Upper West to confront poor SHS performance
THE UPPER West Region is to convene stakeholders’ meetings to find out the circumstances that led to the poor performance of students in Senior High Schools (SHS) who sat for the West Africa Senior High School Certificate Examination (WASSCE).
The regional minister, Dr Hafiz Bin Salih, who has expressed worry about the poor performance of the SHS students, described the development as demoralising.
“It is disheartening to know that the performances of our students at the Senior High School level have taken a nosedive.”
According to Bin Salih, after they were sworn into office by President Akufo-Addo, all sixteen regional ministers met the minister for education, Dr Yaw Adutwum, who indicated to them that the wide gap between the south and the north in performance of students during the WASSCE is widening.
He quoted the education minister as saying that the performance of students in the south is improving, but same cannot be said about students in the five northern regions.
“We will put in measures to reverse what is currently happening. As such, we have directed the regional director of education to immediately convene a stakeholders’ meeting for us to discuss this challenge. It is unacceptable because I see education as the game-changer. It is education that can break the shackles of poverty,” he said.
Dr Hafiz Bin Salih was speaking at his maiden meeting with the media after he was sworn into office as the minister. At the meeting, he called for support and cooperation from the media for the development of the Upper West Region.
In furtherance to this, Bin Salih appealed to members of the inky fraternity to continue to portray the good image of the region to the outside world.
“As media people, let us always paint a good picture of our region. It is in doing this that will attract investment and investors into the region”, he told the journalists.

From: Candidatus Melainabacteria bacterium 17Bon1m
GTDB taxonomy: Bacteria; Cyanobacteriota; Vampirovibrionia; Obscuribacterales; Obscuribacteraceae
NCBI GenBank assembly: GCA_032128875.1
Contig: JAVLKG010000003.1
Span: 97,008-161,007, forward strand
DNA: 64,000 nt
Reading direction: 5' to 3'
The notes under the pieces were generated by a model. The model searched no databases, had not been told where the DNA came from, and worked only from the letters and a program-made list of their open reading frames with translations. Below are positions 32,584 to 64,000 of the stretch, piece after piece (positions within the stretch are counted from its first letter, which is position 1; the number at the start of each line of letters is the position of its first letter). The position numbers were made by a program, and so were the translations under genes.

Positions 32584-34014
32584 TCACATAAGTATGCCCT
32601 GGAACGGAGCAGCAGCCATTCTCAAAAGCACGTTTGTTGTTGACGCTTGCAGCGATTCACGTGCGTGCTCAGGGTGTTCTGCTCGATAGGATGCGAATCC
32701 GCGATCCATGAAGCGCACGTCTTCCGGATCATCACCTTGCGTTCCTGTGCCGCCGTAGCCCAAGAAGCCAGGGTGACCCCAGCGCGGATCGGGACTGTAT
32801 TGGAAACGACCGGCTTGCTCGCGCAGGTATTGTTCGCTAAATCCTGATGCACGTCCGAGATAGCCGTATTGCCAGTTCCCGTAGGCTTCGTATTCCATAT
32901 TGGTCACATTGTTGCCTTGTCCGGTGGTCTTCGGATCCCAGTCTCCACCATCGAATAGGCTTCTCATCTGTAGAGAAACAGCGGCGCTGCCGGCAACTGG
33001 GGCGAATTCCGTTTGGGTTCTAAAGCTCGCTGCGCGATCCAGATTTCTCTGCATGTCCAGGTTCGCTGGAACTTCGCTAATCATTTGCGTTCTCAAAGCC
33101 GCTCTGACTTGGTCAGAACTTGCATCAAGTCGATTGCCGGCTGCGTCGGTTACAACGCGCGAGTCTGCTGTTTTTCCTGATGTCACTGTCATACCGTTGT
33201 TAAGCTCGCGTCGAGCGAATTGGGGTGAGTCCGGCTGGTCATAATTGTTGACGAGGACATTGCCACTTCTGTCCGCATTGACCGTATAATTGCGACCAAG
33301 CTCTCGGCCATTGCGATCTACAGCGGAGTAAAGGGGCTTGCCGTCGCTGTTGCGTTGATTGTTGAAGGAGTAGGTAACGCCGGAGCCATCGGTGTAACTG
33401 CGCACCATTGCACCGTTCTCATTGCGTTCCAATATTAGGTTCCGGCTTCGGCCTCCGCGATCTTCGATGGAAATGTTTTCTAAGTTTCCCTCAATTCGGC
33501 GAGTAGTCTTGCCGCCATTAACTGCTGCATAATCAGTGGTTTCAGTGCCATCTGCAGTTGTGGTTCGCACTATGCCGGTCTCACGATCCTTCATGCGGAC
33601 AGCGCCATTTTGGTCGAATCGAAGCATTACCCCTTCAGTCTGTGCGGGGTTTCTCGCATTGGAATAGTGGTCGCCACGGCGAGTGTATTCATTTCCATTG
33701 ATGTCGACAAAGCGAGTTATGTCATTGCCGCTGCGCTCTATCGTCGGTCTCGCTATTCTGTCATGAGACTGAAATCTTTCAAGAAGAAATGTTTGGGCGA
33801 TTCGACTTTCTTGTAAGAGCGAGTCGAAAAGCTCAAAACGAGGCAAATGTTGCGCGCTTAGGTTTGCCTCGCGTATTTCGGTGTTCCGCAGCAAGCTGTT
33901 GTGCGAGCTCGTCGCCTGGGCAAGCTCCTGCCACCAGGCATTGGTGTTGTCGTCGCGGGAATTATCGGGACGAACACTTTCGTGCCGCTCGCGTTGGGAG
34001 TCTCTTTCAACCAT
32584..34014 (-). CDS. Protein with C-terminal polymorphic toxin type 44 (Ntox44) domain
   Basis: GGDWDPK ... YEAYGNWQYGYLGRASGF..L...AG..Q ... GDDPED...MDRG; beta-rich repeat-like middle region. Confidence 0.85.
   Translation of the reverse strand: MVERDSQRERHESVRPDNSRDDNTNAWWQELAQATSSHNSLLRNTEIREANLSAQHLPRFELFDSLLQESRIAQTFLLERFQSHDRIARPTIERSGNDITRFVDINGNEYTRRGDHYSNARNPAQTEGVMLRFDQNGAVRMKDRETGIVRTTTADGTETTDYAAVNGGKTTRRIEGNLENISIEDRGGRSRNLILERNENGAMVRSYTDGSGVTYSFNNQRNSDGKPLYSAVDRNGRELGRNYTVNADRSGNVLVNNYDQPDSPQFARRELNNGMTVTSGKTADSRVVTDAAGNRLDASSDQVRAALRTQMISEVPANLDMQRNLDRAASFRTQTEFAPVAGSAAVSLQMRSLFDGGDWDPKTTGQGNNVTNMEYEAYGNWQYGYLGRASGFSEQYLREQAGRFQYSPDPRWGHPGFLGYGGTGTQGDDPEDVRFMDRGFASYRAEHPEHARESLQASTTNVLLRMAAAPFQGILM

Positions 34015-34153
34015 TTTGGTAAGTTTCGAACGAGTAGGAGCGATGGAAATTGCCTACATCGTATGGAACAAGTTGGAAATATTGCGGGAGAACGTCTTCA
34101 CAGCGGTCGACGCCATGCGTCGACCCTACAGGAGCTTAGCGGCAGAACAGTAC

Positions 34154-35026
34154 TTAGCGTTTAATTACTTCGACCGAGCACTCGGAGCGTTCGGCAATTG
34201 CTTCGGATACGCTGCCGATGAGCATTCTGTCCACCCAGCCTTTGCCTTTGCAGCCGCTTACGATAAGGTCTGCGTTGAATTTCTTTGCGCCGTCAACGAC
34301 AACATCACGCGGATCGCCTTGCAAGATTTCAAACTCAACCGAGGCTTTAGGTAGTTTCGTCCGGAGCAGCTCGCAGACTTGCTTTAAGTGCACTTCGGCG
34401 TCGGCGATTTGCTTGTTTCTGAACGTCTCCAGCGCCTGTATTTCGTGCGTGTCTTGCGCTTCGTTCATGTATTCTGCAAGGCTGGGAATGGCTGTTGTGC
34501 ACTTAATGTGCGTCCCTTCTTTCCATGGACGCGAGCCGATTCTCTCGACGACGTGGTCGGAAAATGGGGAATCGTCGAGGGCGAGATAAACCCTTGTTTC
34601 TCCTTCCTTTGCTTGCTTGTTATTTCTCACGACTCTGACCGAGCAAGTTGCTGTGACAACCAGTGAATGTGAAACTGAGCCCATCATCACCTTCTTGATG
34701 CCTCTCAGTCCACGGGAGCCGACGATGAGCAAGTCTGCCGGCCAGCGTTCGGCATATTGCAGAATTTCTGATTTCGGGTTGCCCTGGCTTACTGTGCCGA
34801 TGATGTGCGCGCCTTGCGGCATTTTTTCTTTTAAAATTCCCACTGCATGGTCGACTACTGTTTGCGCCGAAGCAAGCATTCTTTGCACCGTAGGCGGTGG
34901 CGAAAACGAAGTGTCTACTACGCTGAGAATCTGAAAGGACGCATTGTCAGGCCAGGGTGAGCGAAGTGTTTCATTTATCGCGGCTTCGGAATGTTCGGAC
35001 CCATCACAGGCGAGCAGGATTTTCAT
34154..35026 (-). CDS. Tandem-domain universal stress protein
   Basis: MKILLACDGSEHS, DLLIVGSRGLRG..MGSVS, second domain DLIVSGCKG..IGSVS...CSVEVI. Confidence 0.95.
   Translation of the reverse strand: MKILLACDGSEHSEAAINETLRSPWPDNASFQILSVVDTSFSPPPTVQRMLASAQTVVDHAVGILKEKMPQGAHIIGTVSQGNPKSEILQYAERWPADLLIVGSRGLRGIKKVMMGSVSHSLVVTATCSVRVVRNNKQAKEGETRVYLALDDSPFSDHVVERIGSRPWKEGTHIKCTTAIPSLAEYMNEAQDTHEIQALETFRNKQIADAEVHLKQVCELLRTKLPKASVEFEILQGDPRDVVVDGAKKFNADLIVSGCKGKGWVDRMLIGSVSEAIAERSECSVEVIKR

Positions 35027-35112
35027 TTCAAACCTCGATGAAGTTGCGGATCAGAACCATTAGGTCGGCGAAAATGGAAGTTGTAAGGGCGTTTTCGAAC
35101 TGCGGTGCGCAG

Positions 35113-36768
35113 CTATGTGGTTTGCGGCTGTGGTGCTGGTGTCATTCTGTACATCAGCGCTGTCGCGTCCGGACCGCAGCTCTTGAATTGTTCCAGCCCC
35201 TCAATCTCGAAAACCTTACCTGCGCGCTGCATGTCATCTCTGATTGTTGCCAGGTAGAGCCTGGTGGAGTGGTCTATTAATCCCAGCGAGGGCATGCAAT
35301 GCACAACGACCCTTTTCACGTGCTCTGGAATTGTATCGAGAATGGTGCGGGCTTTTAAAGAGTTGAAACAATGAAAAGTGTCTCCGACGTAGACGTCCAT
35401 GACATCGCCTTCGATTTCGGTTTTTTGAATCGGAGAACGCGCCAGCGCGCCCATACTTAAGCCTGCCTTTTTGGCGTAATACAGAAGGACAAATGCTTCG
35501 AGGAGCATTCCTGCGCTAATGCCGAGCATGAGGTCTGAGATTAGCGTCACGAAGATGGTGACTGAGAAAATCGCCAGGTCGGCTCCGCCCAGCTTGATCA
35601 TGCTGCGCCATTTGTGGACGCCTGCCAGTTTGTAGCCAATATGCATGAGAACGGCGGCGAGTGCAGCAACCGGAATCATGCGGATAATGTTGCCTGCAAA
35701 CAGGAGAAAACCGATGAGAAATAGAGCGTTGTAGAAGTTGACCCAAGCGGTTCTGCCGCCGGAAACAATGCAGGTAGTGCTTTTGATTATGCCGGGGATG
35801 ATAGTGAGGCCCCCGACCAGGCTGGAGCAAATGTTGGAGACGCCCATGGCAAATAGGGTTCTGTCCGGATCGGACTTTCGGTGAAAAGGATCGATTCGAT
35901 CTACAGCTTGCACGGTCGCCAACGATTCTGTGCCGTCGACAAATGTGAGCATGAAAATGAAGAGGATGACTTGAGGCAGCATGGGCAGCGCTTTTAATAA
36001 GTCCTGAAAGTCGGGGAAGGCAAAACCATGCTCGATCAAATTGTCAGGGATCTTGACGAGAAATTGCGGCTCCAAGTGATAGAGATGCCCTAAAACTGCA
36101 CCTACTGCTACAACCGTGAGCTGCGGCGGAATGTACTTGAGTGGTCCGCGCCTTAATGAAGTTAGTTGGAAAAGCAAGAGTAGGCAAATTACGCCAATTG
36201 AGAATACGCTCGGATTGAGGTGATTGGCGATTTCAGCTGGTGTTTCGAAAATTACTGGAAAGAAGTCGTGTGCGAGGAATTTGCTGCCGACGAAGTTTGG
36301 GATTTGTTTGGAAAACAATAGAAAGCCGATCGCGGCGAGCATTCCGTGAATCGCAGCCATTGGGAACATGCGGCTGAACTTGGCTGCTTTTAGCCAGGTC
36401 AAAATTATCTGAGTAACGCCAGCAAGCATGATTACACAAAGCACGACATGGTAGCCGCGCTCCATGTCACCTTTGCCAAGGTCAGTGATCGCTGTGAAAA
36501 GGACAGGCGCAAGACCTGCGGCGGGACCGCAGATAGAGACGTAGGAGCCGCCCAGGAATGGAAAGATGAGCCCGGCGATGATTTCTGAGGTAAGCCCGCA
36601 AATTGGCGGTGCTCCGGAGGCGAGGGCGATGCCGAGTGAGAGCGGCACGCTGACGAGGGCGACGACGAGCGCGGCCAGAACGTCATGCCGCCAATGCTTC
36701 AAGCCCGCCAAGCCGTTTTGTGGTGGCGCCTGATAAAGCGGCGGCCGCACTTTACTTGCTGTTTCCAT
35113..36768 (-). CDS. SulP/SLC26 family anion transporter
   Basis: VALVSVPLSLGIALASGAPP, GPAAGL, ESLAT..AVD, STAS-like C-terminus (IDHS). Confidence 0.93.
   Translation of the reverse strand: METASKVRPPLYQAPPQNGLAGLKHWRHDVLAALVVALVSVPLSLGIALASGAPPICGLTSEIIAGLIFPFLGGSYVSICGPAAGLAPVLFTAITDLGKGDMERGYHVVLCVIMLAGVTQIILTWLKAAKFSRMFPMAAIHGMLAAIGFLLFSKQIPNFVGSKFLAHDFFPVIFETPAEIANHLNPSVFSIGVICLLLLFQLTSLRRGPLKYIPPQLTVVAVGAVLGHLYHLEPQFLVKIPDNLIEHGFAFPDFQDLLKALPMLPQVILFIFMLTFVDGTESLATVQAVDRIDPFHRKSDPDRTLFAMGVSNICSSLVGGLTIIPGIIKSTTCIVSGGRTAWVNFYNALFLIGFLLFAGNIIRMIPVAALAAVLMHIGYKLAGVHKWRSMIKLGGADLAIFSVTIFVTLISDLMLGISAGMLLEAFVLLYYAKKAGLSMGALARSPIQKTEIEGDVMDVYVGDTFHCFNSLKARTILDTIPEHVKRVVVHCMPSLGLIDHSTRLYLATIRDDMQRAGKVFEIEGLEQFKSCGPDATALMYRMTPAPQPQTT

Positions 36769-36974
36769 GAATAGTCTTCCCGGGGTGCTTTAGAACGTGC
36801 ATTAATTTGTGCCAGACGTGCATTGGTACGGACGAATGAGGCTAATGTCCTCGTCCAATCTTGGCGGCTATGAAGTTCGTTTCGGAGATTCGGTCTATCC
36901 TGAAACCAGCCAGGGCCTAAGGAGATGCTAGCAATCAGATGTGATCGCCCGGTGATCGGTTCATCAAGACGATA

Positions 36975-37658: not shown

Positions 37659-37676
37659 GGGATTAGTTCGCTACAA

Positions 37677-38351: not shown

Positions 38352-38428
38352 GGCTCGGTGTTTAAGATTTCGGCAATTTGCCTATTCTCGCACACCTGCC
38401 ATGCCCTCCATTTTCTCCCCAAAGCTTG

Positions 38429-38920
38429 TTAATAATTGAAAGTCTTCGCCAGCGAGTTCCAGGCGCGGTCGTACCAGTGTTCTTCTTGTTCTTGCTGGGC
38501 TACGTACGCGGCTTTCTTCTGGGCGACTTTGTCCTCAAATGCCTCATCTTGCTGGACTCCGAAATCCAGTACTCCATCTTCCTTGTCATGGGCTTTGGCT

According to Bin Silah, the region has been relatively peaceful and that the crime rate has also reduced as people can now go about their daily routine.
Underscoring tourist potentials in the Upper West region, which is not being fully utilised for economic gains, the minister explained that when he took his turn at the Parliament Vetting Committee, he indicated that the Upper West region had several tourists’ sites, which have not been fully utilised for economic benefits of the Upper West region.
Among these tourist sites, according to Dr Hafiz Bin Salih, are the Iconic Wa Naa Palace and Slave Defence Wall.
According to him, he would need the support of the media to tell the world that “we have these tourists sites located here in the region.”
Beyond this, he also touched on the festivals that are celebrated in the Upper West region, such as Damba celebrated by the people of Wa, Kobine celebrated by the people of Lawra, Kakube by the people of Nandom andPaarigbielle by the Tumu people.
These festivals, he noted, are means to attract tourists to the Upper West region.
The minister also touched on other pressing issues in the region such as health, noting that he intends to see to it that districts without hospitals get one.
He added that they will improve healthcare delivery by recruiting qualified health personnel in the region.
On road construction, Bin Salih told the media that some contracts were awarded during the first administration of Nana Akufo-Addo and they are going to see to the completion of such contracts.
Dr Hafiz noted that “the Wa-Tumu-Bolga road shall receive the utmost attention from me; we need to get that road done as quickly as possible.
“I am aware that portions of it are on contract, but I want to get the entire stretch to be on contract so that in near future, we will have a tarred road here from Wa through Tumu to Bolga.”
Another issue of concern that he touched on was accommodation.
According to him, as Regional Coordinating Council(RCC), during the first term, they released some Bungalows to the Ghana Health Service and the Regional Hospital, but he strongly believes that they are not enough.
He bemoaned that a housing project that was started in 2007 has stalled, and the Regional Economic Planning Officer has been tasked to update authorities on the status of the project so that they revise it, adding that once we do that, they will get contractors to work on the project.
From Musah Umar Farouq, Wa